By Tara Yap
ILOILO CITY – For the Department of Tourism (DOT), there is more to Iloilo than the annual Dinagyang Festival.
“Iloilo should not rely on the Dinagyang alone,” said DOT Western Visayas Regional Director Helen Catalbas.
For years, the festival honoring the Santo Niño (Holy Child Jesus) has been attracting both foreign and domestic tourists, not only for its theatrical depiction of a folkloric story involving the native Ati people, but also for its various side events.
While the Dinagyang is a popular and vibrant celebration, Catalbas told The Manila Bulletin there must be a shift in marketing Iloilo as a year-round destination with its rich history and culture that is full of life and spirit.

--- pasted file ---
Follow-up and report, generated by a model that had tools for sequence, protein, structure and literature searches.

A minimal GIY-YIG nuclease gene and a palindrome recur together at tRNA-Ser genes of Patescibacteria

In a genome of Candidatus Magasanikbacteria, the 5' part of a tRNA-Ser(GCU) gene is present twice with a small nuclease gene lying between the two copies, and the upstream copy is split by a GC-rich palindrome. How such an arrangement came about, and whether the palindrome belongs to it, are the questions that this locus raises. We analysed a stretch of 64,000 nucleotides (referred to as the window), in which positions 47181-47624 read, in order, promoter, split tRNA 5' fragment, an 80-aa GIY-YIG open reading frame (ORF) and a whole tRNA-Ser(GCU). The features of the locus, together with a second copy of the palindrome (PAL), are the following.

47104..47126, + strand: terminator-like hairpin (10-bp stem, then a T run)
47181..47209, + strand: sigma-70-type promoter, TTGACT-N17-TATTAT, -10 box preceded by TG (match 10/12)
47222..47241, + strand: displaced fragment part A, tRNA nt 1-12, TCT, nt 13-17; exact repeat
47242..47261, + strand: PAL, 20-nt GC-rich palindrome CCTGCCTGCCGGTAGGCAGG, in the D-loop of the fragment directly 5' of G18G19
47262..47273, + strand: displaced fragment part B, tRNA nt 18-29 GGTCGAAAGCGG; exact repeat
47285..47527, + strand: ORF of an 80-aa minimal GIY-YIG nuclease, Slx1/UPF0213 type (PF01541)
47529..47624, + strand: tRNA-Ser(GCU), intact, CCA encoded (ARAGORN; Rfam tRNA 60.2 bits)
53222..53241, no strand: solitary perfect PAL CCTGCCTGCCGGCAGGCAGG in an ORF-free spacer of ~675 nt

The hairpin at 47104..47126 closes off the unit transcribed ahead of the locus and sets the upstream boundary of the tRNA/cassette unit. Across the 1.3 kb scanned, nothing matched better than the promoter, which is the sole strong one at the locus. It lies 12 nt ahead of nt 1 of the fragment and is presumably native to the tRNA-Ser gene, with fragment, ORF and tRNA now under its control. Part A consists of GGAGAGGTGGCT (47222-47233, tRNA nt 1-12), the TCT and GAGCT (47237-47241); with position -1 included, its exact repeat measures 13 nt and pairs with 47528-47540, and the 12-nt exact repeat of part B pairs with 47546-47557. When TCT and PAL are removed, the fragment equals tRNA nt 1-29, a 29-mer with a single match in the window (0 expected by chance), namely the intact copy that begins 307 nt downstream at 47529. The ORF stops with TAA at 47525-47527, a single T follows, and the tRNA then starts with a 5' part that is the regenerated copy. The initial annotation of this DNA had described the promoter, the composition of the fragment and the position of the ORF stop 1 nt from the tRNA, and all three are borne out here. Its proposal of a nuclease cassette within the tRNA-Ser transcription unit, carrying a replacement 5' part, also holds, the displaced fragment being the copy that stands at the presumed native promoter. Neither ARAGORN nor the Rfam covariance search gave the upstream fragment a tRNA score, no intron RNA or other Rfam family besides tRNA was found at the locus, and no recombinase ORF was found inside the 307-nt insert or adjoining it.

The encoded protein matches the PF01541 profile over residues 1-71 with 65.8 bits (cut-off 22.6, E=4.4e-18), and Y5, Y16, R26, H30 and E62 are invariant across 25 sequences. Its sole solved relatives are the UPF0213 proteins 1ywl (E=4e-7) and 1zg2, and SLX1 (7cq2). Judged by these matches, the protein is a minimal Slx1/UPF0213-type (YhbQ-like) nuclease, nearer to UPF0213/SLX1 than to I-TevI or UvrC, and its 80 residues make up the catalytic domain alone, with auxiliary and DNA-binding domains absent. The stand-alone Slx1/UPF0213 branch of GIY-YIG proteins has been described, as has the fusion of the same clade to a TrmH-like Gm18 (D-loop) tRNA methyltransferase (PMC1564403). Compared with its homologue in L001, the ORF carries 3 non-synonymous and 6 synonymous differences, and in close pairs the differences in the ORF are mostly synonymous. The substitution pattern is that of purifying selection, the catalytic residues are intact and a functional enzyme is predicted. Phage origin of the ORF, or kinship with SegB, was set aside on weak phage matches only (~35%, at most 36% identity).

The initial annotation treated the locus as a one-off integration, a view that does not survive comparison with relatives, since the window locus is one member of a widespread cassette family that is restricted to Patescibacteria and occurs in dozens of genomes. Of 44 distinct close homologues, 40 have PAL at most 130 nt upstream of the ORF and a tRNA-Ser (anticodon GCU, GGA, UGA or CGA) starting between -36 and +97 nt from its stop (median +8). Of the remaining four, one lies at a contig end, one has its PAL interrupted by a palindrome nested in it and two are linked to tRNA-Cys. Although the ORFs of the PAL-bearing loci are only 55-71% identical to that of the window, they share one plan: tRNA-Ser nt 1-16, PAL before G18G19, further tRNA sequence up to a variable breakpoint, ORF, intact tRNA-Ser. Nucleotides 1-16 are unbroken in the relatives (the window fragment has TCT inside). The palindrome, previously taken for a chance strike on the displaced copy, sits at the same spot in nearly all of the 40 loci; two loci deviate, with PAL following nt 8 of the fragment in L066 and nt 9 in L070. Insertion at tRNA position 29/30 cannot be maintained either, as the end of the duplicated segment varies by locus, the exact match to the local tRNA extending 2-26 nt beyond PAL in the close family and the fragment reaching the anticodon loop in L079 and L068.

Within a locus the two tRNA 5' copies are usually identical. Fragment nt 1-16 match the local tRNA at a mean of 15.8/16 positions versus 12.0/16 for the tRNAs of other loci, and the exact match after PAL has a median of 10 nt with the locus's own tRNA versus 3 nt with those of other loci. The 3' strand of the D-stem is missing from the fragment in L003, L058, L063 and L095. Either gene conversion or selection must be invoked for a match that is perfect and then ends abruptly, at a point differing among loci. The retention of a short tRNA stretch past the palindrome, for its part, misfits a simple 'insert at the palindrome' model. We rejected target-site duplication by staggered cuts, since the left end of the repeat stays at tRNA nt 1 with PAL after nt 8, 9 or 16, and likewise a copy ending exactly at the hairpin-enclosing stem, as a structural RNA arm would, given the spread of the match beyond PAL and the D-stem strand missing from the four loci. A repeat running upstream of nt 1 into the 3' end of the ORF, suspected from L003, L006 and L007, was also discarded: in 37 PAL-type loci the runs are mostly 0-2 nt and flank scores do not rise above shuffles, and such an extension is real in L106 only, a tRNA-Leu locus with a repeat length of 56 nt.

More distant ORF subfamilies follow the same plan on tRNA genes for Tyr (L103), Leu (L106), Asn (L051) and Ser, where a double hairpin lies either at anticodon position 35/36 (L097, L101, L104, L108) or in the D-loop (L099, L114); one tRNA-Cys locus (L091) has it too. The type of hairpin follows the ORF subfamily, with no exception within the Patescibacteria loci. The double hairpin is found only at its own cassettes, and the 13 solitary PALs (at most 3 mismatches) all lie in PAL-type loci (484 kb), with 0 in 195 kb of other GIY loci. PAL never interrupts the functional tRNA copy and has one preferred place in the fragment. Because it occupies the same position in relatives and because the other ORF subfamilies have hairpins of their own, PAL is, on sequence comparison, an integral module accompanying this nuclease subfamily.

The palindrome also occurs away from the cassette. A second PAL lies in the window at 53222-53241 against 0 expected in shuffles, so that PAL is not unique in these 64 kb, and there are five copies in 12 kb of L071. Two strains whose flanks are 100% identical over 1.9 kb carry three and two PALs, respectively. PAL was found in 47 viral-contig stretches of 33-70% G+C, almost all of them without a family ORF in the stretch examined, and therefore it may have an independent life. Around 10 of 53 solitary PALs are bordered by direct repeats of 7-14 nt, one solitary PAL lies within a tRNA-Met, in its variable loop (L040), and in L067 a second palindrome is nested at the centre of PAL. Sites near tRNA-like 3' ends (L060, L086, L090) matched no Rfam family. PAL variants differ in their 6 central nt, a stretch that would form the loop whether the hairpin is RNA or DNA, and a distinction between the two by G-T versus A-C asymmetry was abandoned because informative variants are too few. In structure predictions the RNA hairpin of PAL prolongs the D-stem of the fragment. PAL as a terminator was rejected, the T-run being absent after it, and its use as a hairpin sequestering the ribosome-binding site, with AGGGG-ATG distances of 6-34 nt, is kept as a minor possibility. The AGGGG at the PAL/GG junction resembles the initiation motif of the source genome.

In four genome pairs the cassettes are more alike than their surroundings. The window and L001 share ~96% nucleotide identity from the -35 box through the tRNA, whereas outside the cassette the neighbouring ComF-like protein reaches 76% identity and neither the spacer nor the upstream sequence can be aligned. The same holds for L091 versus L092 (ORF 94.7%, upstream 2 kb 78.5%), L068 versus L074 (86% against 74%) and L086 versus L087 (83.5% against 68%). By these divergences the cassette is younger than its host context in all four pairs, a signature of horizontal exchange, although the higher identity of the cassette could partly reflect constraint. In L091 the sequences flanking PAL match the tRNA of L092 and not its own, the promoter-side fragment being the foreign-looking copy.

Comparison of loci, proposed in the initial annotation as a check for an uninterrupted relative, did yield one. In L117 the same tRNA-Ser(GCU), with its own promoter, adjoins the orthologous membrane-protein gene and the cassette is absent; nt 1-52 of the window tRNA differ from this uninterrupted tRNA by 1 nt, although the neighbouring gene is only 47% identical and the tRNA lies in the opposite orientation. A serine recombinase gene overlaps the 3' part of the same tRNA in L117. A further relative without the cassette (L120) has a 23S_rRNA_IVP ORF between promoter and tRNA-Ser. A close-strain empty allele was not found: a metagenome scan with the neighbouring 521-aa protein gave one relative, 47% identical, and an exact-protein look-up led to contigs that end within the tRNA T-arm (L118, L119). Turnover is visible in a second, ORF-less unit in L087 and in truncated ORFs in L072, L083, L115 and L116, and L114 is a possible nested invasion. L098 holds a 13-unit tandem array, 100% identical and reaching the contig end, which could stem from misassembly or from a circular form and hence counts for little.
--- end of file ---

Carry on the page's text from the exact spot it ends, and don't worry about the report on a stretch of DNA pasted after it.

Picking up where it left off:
History-wise, Iloilo City was once known as the “Queen City of the South” during the Spanish colonial period, and was second to Manila for being the country’s economic and cultural hub.
Catalbas said Iloilo City can also position itself as a top culinary destination, especially with the popularity of local soup dishes such as La Paz batchoy and the pancit Molo.
Aside from Iloilo City, there are beach and cultural destinations in Iloilo province.
There are the pristine white-sand beaches of Gigantes and Sicogon Islands in the northern Iloilo town of Carles, while southern Iloilo has Miag-ao Church, the only World UNESCO heritage site in the Visayas.